This is something probably everyone has heard, but I want to stress anyway. Many employers offer participation a 401K or 403B (for tax-exempt organizations) plan. These let you sock away up to $16,500 a year (more if you're over 50) on a pre-tax basis. That's $16,500 invested instead of something like $5500 paid in tax and $11,000 net income (exact amounts can vary widely depending on your tax bracket.)
These are called tax-deferred accounts because eventually, when you withdraw from the account, the withdrawals will be taxed as income. But you're getting decades worth of compound interest in the meantime. In theory. If you can find an investment that's actually turning a profit.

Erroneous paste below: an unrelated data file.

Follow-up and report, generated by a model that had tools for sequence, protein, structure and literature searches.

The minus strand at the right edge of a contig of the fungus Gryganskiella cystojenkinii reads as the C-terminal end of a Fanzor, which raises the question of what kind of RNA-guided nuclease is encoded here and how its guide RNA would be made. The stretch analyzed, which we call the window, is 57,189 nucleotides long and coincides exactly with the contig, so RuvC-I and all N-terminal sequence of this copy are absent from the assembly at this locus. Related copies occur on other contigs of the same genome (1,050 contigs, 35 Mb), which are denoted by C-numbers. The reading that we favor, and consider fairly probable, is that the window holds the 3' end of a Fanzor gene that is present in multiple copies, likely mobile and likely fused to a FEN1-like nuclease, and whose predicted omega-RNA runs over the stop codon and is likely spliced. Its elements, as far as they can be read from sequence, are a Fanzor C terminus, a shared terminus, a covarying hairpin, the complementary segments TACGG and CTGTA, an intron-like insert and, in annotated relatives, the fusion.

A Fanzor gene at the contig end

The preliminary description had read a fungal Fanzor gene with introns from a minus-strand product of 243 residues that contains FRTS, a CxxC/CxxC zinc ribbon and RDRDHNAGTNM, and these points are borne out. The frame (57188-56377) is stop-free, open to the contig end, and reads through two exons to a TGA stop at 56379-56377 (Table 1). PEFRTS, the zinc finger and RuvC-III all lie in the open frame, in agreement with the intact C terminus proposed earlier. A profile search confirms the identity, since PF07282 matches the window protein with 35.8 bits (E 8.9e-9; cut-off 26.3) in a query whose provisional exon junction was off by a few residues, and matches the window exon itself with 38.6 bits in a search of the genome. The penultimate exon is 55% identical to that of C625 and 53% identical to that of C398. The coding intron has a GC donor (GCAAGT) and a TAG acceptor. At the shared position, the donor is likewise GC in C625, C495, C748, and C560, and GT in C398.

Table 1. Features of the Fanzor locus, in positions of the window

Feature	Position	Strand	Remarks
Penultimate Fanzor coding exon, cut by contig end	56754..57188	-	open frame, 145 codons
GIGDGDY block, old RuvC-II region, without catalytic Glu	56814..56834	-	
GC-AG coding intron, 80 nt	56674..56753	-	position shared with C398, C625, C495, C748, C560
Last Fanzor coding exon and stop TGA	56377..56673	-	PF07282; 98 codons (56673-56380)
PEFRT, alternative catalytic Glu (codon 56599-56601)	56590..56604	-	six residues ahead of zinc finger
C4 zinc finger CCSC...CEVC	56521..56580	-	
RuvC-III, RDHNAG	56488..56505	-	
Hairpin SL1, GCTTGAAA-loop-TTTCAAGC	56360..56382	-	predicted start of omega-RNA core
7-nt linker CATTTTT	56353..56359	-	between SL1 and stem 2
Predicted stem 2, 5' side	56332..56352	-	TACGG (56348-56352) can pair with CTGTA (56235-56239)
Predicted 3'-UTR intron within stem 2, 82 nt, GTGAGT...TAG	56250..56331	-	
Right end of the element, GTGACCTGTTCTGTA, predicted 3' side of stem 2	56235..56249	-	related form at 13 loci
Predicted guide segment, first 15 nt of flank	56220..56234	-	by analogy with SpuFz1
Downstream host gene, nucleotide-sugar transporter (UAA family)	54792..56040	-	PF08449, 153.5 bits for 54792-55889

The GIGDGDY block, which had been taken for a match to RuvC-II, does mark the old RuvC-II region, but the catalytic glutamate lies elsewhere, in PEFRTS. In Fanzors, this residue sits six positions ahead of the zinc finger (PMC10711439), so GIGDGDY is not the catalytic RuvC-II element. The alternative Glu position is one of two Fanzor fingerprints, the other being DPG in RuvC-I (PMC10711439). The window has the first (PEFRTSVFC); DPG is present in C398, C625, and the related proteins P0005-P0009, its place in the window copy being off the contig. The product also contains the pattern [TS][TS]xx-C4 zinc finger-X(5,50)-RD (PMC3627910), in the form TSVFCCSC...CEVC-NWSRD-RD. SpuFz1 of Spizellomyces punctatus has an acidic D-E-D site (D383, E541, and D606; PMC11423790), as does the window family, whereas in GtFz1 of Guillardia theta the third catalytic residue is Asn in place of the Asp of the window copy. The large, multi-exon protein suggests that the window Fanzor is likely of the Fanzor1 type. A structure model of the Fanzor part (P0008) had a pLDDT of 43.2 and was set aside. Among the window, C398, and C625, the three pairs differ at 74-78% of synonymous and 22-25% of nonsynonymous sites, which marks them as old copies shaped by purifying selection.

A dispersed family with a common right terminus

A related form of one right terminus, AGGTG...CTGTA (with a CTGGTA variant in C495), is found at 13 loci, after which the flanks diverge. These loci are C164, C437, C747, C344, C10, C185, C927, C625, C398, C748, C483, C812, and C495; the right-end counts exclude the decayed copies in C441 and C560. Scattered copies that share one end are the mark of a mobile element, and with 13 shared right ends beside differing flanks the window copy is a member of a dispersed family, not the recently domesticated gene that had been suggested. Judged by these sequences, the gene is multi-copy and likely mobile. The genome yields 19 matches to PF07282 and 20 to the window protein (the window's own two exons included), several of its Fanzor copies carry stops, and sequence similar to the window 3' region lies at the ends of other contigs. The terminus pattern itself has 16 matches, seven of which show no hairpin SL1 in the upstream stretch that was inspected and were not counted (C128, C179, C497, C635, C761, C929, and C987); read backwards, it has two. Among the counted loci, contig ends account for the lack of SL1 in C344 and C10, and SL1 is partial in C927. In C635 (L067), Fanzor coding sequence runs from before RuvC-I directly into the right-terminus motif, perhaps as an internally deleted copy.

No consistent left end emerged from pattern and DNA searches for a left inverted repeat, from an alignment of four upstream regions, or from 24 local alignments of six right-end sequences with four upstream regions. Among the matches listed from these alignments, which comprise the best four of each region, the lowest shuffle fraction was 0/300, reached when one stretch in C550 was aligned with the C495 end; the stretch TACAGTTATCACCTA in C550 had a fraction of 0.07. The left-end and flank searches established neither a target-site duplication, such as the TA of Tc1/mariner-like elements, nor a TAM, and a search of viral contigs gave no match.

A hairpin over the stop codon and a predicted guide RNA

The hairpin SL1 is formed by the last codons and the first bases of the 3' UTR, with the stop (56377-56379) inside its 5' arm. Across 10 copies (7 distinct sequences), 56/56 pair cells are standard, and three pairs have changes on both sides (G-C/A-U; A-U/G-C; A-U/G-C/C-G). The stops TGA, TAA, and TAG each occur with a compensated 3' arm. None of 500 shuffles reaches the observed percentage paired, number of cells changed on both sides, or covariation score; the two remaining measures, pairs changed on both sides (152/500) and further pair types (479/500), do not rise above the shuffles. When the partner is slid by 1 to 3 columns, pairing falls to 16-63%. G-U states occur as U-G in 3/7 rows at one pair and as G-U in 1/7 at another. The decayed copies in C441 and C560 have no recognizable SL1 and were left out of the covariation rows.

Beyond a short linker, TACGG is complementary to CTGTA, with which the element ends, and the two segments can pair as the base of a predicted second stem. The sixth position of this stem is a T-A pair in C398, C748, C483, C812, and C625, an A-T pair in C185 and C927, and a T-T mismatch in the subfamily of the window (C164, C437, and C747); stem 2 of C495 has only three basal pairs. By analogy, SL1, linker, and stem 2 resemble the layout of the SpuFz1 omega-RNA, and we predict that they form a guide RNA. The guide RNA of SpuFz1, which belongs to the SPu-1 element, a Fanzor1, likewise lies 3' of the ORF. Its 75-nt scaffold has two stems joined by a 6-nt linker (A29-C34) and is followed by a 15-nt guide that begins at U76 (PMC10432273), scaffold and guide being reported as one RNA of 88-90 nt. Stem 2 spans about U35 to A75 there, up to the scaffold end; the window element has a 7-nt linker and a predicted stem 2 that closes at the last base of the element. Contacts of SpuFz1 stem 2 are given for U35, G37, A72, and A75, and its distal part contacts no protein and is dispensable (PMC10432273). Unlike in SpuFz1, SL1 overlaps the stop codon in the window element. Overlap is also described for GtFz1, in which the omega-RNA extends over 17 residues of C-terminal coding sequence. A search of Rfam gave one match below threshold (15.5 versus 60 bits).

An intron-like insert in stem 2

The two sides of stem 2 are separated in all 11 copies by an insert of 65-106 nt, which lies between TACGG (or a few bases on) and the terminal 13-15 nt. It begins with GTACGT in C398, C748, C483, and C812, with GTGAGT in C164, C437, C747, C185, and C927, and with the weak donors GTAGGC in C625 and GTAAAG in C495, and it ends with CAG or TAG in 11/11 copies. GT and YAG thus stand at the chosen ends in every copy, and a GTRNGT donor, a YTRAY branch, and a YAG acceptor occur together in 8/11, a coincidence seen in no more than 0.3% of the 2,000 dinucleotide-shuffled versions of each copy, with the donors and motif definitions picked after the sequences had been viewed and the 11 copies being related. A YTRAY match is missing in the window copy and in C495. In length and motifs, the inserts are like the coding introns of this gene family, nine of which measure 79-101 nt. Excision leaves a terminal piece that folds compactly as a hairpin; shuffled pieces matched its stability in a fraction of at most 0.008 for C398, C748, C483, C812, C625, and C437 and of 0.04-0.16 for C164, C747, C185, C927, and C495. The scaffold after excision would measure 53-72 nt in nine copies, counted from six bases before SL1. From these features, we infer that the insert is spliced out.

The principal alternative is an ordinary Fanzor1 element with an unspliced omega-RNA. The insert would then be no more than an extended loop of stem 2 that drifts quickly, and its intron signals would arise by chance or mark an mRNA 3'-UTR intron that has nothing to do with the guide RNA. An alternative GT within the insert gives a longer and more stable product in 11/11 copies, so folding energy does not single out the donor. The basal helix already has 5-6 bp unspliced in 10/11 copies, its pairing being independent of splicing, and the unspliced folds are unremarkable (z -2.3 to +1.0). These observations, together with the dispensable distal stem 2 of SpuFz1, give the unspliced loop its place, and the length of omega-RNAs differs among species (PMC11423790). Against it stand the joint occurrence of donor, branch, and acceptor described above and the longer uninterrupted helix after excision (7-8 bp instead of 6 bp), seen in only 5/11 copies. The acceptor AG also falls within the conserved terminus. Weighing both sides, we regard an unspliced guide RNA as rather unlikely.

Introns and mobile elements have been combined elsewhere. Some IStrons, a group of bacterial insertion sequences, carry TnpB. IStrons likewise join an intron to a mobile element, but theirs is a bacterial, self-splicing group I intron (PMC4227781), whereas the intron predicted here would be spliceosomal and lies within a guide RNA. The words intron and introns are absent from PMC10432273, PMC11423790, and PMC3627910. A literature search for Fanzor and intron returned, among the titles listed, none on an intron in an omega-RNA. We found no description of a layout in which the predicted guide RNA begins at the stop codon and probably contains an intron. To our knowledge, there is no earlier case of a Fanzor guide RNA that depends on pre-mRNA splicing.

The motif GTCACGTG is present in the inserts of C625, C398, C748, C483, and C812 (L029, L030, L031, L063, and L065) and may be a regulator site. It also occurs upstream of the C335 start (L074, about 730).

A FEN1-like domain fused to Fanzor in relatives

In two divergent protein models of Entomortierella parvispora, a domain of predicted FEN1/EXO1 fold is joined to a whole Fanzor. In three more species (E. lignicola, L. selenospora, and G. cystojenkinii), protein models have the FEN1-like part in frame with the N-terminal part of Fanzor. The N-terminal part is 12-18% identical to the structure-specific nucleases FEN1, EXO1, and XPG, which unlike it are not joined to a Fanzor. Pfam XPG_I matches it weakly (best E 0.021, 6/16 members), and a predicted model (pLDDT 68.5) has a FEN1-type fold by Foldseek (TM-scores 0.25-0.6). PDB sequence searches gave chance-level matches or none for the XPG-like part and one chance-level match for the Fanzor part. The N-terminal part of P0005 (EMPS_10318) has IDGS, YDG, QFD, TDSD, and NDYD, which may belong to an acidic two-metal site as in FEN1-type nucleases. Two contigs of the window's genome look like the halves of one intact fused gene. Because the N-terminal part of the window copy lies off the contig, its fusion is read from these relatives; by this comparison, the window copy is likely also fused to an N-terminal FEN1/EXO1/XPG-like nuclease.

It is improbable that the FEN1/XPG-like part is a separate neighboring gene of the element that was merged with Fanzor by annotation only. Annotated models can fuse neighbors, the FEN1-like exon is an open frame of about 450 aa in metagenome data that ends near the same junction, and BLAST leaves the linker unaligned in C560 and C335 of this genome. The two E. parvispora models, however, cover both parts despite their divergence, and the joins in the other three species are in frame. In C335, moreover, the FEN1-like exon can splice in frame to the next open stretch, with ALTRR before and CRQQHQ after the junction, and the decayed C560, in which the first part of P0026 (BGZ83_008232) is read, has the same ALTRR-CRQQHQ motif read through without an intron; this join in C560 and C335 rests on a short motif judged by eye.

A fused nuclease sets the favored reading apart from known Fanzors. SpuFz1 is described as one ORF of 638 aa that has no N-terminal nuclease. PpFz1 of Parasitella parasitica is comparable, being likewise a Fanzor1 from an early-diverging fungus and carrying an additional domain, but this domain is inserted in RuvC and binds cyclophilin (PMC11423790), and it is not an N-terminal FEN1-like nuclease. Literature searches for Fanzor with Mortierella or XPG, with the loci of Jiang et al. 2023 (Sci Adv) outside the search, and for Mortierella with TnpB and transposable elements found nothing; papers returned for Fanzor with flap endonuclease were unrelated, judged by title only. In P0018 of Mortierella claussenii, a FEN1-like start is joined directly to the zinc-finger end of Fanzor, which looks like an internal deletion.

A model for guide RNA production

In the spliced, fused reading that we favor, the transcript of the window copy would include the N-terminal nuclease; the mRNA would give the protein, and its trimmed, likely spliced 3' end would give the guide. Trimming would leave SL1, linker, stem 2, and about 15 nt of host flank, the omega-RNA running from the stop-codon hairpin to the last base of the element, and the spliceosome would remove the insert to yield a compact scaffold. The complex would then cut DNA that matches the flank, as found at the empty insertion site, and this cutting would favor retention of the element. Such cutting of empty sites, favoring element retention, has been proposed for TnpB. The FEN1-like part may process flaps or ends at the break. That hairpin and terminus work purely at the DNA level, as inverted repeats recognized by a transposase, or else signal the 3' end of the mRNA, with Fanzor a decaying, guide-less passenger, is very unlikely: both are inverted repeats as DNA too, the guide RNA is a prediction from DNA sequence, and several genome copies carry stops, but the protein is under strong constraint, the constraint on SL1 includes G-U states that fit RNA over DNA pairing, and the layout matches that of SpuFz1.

At any rate, if one of these is available to you, and you can afford to do without the money in the moment, this is one of the single best ways to invest, as a substantial amount of what you're investing is money you never would have seen anyway, as it would have gone to taxes.